Physical abuse, especially severe, chronic abuse, is a significant source of stress for women who experience it. A combination of external and internal factors can inhibit women from ending abuse in an intimate relationship. Counseling can be useful in addressing internal barriers. An ecological model of intervention is presented based on the Lazarus and Folkman (1984) conceptualization of stress and coping. The model also recognizes the stages abused women may experience in their appraisal of the abuse experience. The proposed model includes attention to an orientation to practice with this client group, engagement in treatment, assessment, intervention strategies, and evaluation of effectiveness.
Although an increasing amount of attention has been devoted to the problem of woman battering in recent years, there has been a rather limited focus on therapeutic work with abused women. This, in part, derives from the reservations of many in the battered women's movement regarding therapy with women who have been abused. This ambivalence appears to be grounded in four factors. The first is a concern that providing counseling for battered women implies preexisting deficits that contributed to their being abused, which in turn can lead to victim blaming (Dutton, 1992). Another concern is related to negative experiences with mental health providers reported by many battered women who have sought counseling, only to be held responsible for their own abuse or simply not be helped (Hamilton & Coates, 1993; McShane, 1979; Ross & Glisson, 1991; Saunders & Size, 1986). The third issue concerns the power imbalance inherent in most therapeutic relationships, risking the perpetuation of powerlessness in abused women (New York State Coalition Against Domestic Violence, N.D.). Finally, and perhaps most important, is the belief that what battered women need most of all is not therapy but rather other resources that will permit them to terminate abusive relationships if they wish to (Sullivan, 1991).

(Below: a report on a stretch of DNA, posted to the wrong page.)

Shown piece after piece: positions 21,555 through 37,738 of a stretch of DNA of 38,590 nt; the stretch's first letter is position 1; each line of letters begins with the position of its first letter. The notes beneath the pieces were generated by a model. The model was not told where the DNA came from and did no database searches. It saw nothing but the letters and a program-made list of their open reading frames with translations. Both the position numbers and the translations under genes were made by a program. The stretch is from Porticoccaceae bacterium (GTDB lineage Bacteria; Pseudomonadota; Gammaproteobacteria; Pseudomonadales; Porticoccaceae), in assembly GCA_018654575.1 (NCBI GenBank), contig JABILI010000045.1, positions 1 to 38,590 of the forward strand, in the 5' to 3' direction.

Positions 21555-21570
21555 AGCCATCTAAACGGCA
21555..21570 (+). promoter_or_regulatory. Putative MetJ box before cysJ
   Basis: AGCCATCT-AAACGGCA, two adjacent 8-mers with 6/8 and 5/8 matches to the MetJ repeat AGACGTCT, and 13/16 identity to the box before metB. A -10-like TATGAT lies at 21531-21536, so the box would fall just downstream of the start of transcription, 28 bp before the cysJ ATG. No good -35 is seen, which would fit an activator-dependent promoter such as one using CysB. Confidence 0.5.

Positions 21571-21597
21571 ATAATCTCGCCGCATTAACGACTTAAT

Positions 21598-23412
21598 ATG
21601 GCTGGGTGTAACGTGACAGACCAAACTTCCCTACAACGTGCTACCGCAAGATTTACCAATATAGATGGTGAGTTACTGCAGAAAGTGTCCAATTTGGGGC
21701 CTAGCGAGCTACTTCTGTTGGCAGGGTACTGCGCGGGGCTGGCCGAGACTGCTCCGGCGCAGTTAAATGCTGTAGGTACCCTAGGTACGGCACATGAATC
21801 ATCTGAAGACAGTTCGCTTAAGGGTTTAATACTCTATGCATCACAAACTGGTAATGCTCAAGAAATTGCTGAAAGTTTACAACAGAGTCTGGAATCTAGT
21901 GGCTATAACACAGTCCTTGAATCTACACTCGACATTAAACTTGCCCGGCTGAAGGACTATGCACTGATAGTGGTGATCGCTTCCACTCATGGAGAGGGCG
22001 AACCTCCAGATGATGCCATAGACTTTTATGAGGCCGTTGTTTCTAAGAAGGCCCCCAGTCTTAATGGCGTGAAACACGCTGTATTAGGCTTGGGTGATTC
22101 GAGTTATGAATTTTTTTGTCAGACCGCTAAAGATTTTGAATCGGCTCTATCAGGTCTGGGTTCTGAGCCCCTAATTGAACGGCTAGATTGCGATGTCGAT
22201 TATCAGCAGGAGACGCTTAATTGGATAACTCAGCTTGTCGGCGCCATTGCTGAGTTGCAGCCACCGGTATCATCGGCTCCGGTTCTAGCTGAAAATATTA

An alternative view of counseling for abused women maintains that the process of being abused, especially if the abuse has been chronic or severe, often results in a variety of consequences that compromise a woman's ability to effectively address abuse while still in a relationship or to recover from the effects of abuse and move on with her life. Some of these adverse consequences may serve as barriers to women being able to terminate abusive relationships.
Assumptions and Definition
A recent conceptualization by Johnson (1995), based on data from the 1985 Second National Family Violence Survey and other qualitative data, has identified two different types of domestic violence or abuse: common couple violence and patriarchal terrorism. The two are said to differ in terms of the nature, severity, and chronicity of abuse, as well as the gender of perpetrator and victim. Common couple violence tends to be used by both men and women, occurs with relatively low frequency in a relationship, tends not to be physically injurious, and does not show a pattern of escalation. In contrast, patriarchal terrorism tends to be perpetrated by men toward women, shows a pattern of escalation in frequency and severity over time, includes not only physical violence but also "economic subordination, threats, isolation, and other control tactics," (p. 284) and "is rooted deeply in the patriarchal traditions of the Western family" (Johnson, 1995, p. 286). Woman abuse as discussed in this paper is synonymous with patriarchal terrorism and is defined as a pattern of behaviors that can be physical (e.g., punching), emotional or psychological (e.g., ignoring), verbal (e.g., ridiculing), or sexual (e.g., coerced intercourse) that are intended to control or demean a woman by her partner.
It is assumed that each woman who experiences domestic abuse is the unique product of many factors including her age, cultural background, experiences in her family of origin, economic circumstances, sexual orientation, intelligence, and so forth. …